10 Free Ways to speed up your WiFi Network

A fast WiFi connection at home or in your office can vastly increase productivity. As we start to utilise more wireless devices in our homes and in business the system can quickly become overstretched. However, a little bit of tweaking can really help to boost your connectivity. Work through the following 10 steps to ensure that you are getting the most out of your connection.

1. Put the router somewhere central

The first step in improving your wireless Internet connection is to simply ensure that your router is placed in a central location so that all devices have equal access to it. Often routers are hidden away in the corner of homes or offices where the main telephone line enters. To boost your signal position the router in a central spot. Usually the best spot in a house is on the landing at the top of the stairs.

2. Move it away from walls and metal surfaces

While finding a central location for your router ensure that it is not positioned close to a wall or metal surfaces. This includes mirrors as the metal layer also bounces wifi which diisperse the signal. Also ensure that the router is not sitting on the floor as this will also dampen the signal.

3. Update firmware on router

It is always worthwhile checking that your firmware is up to date. Visit the website for your router and check for new firmware updates. New updates will often resolve minor bugs which can slow the connection and also may help to utilise new technologies too. Many updates are also designed to increase performance.

4. Update network card drivers

Likewise, updating your network card drivers can also give a boost by fixing bugs and compatibility issues. If you have not checked for new updates to any of your hardware since setting up your wireless router visit the relevant websites and search for new drivers. Often older laptops are the weakest link in the wireless Internet network. You may also be able to successfully update drivers direct from the Windows control panel.

5. Use the best protocols

Ensure you have the best protocols enabled for your wireless router. For example, some routers will support Wireless N which is one of the fastest protocols for wireless networking. If your router supports this then make sure it is turned on!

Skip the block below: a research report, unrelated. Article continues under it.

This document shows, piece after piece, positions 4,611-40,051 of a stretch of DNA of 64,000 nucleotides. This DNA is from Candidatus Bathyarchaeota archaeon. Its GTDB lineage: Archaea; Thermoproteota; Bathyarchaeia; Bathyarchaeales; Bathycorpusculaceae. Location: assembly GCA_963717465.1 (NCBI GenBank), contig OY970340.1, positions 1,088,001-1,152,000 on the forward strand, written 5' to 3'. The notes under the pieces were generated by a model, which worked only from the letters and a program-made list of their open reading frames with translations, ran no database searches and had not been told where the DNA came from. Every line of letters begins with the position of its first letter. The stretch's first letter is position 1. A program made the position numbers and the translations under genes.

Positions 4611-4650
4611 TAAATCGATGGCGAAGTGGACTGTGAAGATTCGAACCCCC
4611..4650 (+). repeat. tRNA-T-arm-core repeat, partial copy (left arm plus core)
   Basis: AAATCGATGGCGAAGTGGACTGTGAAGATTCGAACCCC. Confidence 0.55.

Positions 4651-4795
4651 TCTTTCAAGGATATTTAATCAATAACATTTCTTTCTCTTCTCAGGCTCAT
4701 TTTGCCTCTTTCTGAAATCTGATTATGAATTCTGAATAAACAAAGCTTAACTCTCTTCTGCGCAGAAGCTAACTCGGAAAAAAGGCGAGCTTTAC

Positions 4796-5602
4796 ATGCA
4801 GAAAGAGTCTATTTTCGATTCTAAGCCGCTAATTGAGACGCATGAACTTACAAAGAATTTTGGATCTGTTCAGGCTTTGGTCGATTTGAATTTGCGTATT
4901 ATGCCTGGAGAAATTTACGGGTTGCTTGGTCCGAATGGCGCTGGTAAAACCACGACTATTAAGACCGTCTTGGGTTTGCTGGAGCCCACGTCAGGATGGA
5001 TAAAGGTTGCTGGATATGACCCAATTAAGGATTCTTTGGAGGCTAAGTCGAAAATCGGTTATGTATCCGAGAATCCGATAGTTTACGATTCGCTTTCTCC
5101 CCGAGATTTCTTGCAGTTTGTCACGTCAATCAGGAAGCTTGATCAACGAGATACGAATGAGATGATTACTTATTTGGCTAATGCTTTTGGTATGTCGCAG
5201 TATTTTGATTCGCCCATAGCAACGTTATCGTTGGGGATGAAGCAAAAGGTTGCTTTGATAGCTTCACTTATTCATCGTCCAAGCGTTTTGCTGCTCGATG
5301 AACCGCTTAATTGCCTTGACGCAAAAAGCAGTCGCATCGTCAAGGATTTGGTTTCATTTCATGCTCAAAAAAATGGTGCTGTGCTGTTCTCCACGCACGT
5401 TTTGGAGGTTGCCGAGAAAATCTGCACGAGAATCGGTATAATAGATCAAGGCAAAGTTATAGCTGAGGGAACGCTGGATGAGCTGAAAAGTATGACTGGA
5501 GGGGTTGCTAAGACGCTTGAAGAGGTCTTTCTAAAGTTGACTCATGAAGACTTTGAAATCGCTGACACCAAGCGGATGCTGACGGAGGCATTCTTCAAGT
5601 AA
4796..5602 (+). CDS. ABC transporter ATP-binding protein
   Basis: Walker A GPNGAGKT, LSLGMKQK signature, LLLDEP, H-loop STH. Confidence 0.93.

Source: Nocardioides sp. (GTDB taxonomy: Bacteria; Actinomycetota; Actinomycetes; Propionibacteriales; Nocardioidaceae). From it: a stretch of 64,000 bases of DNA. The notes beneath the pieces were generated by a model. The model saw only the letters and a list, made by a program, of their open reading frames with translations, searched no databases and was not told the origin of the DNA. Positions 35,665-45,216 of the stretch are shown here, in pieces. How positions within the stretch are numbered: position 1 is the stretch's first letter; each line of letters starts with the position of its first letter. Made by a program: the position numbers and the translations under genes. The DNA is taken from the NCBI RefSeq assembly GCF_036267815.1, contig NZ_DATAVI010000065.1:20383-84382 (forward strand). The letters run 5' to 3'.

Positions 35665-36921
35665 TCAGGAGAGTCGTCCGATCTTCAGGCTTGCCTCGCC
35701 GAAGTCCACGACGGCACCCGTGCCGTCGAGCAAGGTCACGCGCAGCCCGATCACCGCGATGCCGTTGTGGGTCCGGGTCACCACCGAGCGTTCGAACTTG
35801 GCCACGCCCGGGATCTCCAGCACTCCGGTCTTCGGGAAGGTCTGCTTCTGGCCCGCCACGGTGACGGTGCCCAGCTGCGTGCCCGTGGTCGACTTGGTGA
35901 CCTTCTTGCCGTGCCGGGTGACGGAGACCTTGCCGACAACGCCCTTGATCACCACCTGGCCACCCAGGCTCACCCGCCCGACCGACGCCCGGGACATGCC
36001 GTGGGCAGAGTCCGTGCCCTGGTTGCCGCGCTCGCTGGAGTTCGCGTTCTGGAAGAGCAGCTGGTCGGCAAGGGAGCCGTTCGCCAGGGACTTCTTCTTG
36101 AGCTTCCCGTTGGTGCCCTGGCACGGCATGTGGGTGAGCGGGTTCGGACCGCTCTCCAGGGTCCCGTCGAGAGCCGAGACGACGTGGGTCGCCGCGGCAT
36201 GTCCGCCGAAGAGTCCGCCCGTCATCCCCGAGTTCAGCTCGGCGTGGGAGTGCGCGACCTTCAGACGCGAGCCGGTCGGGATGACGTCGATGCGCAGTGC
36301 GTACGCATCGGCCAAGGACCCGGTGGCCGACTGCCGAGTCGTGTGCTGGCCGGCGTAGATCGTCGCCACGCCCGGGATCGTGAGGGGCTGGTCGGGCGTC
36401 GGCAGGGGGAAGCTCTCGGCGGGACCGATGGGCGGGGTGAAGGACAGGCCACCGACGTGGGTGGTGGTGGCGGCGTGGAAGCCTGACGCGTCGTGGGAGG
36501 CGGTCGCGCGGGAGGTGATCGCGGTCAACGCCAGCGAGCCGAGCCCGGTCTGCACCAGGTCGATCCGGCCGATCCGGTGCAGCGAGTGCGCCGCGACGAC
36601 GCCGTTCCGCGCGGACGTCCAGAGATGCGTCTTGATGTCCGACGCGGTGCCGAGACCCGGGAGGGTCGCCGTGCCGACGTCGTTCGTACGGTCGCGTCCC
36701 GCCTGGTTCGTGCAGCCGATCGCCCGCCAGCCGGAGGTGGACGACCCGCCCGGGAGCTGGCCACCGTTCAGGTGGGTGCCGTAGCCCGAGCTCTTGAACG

6. Try a different channel

Sometimes your wireless router may be sharing a channel with other telecoms items in your home or even in a neighbouring property. Cordless phones often cause problems when they share the same channel. You can test this by changing the channel on your router or phone.

NetStumbler provides a tool to monitor channel use in your wireless region. Install their software on a machine with a wireless card to see which channels are being used most and then change to less popular channels. Generally channels 1, 6 and 11 are most common so avoid these.

7. Reduce Interference from other electrical devices

Some electrical devices can cause a lot of interference which can reduce the strength of your wireless connection. To avoid possible interference move other electrical items away from your router (or move your router away from the other devices).

Devices which commonly cause problems include microwave ovens, baby monitors and cordless telephones. In general kitchens are not good places to keep your wireless router. Also, if you have a USB device move it away from the computer with a USB extension cable.

8. Check Wireless Card Settings

Network cards often offer power saving settings which are designed to extend the battery life of your laptop. However, they can also cause problems with the signal. Using the lowest power management setting will often boost the signal. Also switching off “roaming aggressiveness” will stop your card seeking alternative connections and boost performance. If your card has settings for “transmit power” set these to max. These settings may shorten your battery life so after making these changes keep a close eye on the battery.

9. Secure your network

This is possibly the most important step to take, not only for speed but for your security. If your wireless Internet connection is not secure it means that your neighbours will be able to access it from their own computers. If they are heavy Internet users they can quickly start to eat up a lot of your bandwidth and lead to slow connections. If they start making illegal downloads it is your account that will be in trouble. So set up the WPA or WPA2 encryption to password protect your wireless network.

10. Use ethernet cables whenever possible

If there are many devices competing for the local wifi network it is a good idea to use ethernet cables wherever possible. For business owners encouraging your staff to use 3G on their smartphones can save on wireless bandwidth. 20 phones connected to webmail, Facebook and Twitter can quickly stretch the system to its limits.

If your connection is still slow after working through all the above steps then you really need to determine if the cause is actually an under-performing Internet connection or a faulty router. The easiest way to determine this is to switch off all wireless connections and run a broadband speed test on a PC connected by ethernet cable. A wireless connection is only ever as good as the Internet service that feeds it.

John Hale is a long serving network engineer specialising in network cabling and structured cabling solutions for businesses and schools throughout the UK.